The United States' withdrawal from Afghanistan made way for the Taliban to attack and defeat Afghan security forces. The country is now facing the Taliban's return to power, which, if history repeats itself, will result in a decline of civil liberties, notably for women and girls, whose freedoms improved under the civilian government. Over the last two decades, the United States and its NATO allies have spent billions of dollars training and equipping Afghan security personnel. The Western-backed regime, on the other hand, was riddled with corruption. As Taliban forces approached Kabul, Afghanistan's President Ashraf Ghani abandoned the country on Sunday. He later claimed in a Facebook post that he left to "prevent further bloodshed". “The Taliban have won with the judgement of their swords and guns, and are now responsible for the honour, property and self-preservation of their countrymen," he stated. On Sunday, hours after President Ashraf Ghani fled the nation, Taliban forces stormed Afghanistan's Presidential Palace, marking a pivotal moment in the insurgent group's occupation of Kabul and their assumption of control.

The predominant fear the people of Afghanistan have is the increasingly probable theory that the Taliban will reimpose the harsh interpretation of Islamic law that they relied on when they ran Afghanistan from 1996 to 2001. Women were not allowed to go to school or work outside the home at the time, and they were required to wear the all-encompassing burqa and be accompanied by a male relative whenever they ventured outdoors. Despite the fact that they have tried to portray themselves as a more moderate party in recent years and have stated that they will not exact revenge, many Afghans are distrustful of those pledges. Many Afghans worry that the Taliban rule will be brutal and oppressive.  One sign that people are concerned about is that the Taliban want to rename the country the Islamic Emirate of Afghanistan, conjuring cold and horrific flashbacks.

In terms of what is to happen next, the Taliban has been in conversation with Afghanistan's government on who would govern the country after the militant group's stunningly rapid advance across the country, seizing power in dozens of key cities with little to no resistance. However, President Ghani's abrupt departure is likely to have upended those talks. The Taliban now appear to have little motive to compromise given that they control so much territory. According to Al Jazeera, the Taliban claimed the palace in an apparent "handover" ceremony with three Afghan government officials present, which they broadcasted live.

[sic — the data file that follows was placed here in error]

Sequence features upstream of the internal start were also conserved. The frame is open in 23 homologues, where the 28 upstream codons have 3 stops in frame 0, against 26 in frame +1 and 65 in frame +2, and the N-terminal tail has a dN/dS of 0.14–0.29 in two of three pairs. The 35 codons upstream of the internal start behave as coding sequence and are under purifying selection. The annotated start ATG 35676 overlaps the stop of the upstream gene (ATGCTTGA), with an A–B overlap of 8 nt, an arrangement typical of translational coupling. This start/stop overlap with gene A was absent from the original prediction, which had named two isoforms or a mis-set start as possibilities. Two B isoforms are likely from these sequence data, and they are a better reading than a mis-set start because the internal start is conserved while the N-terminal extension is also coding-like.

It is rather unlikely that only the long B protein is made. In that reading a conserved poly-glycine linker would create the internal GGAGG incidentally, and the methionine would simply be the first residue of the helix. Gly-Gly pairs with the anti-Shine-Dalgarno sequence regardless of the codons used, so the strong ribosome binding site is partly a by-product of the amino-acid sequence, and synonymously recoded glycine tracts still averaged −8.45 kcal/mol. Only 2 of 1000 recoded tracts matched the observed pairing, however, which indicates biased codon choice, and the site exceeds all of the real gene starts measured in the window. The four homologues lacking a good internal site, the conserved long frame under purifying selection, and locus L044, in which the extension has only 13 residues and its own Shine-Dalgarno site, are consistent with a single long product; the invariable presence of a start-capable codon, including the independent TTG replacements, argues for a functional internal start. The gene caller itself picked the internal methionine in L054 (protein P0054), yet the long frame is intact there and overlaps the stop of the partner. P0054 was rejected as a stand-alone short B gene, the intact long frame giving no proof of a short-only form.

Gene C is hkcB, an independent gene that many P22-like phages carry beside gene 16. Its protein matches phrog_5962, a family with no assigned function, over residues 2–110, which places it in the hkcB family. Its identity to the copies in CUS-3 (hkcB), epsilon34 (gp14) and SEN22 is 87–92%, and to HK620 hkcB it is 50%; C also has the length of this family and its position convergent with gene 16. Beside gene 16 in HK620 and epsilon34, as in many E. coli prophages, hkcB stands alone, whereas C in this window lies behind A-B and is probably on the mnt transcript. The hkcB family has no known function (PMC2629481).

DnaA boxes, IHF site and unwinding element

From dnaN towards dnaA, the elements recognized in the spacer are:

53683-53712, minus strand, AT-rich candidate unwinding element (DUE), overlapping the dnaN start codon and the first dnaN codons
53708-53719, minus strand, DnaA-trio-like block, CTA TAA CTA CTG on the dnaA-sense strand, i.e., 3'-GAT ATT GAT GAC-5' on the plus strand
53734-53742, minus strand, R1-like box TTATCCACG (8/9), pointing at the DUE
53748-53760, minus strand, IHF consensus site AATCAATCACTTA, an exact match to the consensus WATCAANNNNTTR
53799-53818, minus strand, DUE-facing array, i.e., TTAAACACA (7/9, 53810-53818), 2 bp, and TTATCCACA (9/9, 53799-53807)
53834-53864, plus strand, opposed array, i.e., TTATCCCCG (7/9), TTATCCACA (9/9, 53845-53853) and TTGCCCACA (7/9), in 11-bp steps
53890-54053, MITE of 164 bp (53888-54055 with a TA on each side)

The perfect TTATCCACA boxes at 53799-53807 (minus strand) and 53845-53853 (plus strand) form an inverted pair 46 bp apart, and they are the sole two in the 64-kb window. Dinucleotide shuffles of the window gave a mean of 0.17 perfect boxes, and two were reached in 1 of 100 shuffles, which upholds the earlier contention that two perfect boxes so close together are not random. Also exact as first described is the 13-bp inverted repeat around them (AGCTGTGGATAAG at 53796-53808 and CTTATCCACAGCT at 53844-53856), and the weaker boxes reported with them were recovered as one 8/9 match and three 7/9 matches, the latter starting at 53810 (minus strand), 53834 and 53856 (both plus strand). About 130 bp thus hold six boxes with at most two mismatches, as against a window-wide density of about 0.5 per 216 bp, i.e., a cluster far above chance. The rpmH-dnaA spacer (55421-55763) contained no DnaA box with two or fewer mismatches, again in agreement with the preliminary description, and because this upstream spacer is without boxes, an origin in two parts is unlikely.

In the Facebook post following his departure from the country, Ghani wrote that the Taliban now face "a new historical test," he added: "Either they will protect the name and honour of Afghanistan or they will prioritise other places and networks.""In order to win legitimacy and hearts of the people, it is necessary for Taliban to give assurance to all the people, tribes, different segments, sisters and women of Afghanistan and to make clear plans and share them with the public," he wrote.

On the other hand, in a brief tweet on Sunday, Afghanistan's current defence minister, General Bismillah Mohammadi, chastised the fleeing president, writing: "They tied our hands behind our backs and sold the homeland, damn the rich man and his gang."

Timeline of Events

April 14 - President Joe Biden declares that US soldiers will be leaving Afghanistan from May 1 to September 1, concluding America's longest war.

May 4 - In the southern Helmand province, Taliban insurgents stage a massive onslaught against Afghan soldiers. At least six more provinces are also under siege.

May 11 - As unrest spreads across the country, the Taliban take control of the Nerkh area, just outside of Kabul.

June 7 - As the fighting worsens, senior government officials estimate more than 150 Afghan soldiers to have been killed in just 24 hours.. They add that the fights increase in 26 of the country's 34 provinces.

June 22 - As the violence increases, senior government officials estimate more than 150 Afghan soldiers have been killed in just the last 24 hours. According to the report, fighting has worsened in 26 of the country's 34 provinces.

July 2 - American forces discreetly evacuate their main military base in Afghanistan - Bagram Air Base, an hour's drive from Kabul. It effectively ends the United States' participation in the war.

July 5 - According to the Taliban, a written peace accord might be presented to the Afghan government as early as August.

July 21 - According to a top US general, Taliban insurgents hold over half of the country's districts, highlighting the deadly scope and pace of their advance.